Ha! They’re all up in each other’s faces.
I told a story as part of a panel presentation at AWP last year, and I’d like to repeat it here:
One morning last fall, my older daughter, Stella, woke up on the wrong side of the bed. She’s not really a morning person, but this was a particularly challenging morning—her pants were too tight or we didn’t have any eggs left or Zoë, her younger sister, who is always naked, sat too close to her on the couch. I can’t remember exactly what precipitated Stella’s flinging of her body onto the dining room floor with whining laments. But I was clearly not responding the way she wanted and she finally looked up and wailed, “Mom, you don’t even love me!”
I knelt down, took her shoulders in my hands, and said in my most reassuring mother’s voice, “Honey, you know that’s not true. I love you and Zoë more than anything in the whole world.”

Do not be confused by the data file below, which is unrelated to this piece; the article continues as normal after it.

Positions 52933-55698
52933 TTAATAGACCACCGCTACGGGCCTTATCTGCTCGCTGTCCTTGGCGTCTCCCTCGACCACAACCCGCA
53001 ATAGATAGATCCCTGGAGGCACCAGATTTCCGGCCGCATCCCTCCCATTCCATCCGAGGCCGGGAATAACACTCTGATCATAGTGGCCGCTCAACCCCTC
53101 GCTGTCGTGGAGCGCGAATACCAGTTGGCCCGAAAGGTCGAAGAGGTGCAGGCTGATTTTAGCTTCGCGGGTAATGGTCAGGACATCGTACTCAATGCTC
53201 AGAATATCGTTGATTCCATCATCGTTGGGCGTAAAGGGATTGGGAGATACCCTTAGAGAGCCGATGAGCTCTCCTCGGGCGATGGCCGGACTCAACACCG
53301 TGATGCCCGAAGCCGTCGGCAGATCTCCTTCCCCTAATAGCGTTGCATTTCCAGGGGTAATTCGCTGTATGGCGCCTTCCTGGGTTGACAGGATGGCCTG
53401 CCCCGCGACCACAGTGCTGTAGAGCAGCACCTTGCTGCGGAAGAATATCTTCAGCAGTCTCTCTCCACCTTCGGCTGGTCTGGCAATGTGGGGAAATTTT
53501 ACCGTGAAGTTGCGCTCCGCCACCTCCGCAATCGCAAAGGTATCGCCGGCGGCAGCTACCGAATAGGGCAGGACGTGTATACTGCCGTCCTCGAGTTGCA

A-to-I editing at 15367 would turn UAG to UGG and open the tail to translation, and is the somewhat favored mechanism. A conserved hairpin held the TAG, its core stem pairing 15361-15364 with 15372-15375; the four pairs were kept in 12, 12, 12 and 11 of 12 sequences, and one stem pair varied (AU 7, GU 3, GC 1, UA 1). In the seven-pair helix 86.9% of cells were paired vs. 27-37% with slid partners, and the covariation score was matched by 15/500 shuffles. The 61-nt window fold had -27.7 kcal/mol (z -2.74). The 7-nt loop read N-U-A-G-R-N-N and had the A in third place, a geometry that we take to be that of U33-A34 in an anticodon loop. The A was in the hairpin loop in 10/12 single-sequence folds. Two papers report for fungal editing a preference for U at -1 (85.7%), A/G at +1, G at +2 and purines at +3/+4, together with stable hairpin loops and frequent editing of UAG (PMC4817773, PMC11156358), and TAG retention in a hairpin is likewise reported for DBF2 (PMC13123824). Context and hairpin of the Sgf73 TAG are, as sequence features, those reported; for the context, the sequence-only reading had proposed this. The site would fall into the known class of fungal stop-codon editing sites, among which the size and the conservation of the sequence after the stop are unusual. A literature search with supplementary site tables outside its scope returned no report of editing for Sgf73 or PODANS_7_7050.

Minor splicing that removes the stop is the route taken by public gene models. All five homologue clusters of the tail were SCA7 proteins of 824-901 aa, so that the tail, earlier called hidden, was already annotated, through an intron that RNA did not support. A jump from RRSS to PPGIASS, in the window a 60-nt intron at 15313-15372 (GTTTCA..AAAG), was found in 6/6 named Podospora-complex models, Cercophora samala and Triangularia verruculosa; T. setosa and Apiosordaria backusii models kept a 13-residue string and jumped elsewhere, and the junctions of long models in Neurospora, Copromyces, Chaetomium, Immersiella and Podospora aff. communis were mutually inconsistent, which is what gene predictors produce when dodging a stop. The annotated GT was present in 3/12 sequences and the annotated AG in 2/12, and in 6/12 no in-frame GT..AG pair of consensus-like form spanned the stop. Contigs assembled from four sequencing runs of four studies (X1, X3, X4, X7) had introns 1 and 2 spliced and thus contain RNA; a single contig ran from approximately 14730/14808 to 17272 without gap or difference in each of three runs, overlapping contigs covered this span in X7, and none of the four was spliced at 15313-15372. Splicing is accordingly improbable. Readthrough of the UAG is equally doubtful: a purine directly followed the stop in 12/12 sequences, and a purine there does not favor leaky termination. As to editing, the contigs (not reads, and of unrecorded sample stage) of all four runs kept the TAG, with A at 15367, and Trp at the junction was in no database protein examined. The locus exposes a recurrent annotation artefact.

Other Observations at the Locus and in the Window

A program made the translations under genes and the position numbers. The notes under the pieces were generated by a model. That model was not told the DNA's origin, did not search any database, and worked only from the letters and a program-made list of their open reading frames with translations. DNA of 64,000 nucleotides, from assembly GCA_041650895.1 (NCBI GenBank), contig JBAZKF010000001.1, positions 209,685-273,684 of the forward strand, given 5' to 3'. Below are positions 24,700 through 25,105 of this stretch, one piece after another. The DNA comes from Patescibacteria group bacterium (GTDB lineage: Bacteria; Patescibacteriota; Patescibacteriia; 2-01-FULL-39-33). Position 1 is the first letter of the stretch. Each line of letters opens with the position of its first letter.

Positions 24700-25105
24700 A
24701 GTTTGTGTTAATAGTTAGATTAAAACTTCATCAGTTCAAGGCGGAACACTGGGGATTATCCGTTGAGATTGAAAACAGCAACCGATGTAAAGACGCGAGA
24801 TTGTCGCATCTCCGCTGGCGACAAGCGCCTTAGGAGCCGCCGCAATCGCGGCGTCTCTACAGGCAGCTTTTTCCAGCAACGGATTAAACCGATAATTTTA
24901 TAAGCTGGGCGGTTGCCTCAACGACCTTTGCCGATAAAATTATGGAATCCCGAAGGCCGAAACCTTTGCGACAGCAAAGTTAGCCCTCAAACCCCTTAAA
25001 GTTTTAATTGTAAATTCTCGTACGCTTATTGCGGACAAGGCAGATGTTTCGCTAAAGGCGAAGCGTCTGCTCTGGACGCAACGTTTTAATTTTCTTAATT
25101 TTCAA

She narrowed her eyes. “Do you love us,” she said, “more than your book?”
I must admit that at the time I was neck deep in copyedits for Use Your Words, and I’d been spending a lot of time either at the coffee shop or in my tiny office with red pen in hand. I was waking up at 5 to try to get an hour of editing in before my girls got up, before the lunch-making ritual, before wrangling Zoë into some clothes, and getting myself showered and off to my day job.
That morning, I hugged Stella and said, “Of course I love you more than my book. If I had to choose, of course I’d choose you girls.” I squeezed her tight, and then I added, “But I’m glad I don’t have to choose.”
She seemed satisfied with that, and I was able to coax her off the floor.
When I thought about this after the fact, though, I realized that when I said I was glad I didn’t have to choose between my daughters and my writing, I meant in a life or death kind of way. Like a bad joke—my writing is in one boat, my girls in the other. I can only save one boat from going down. My daughters would clearly win that contest.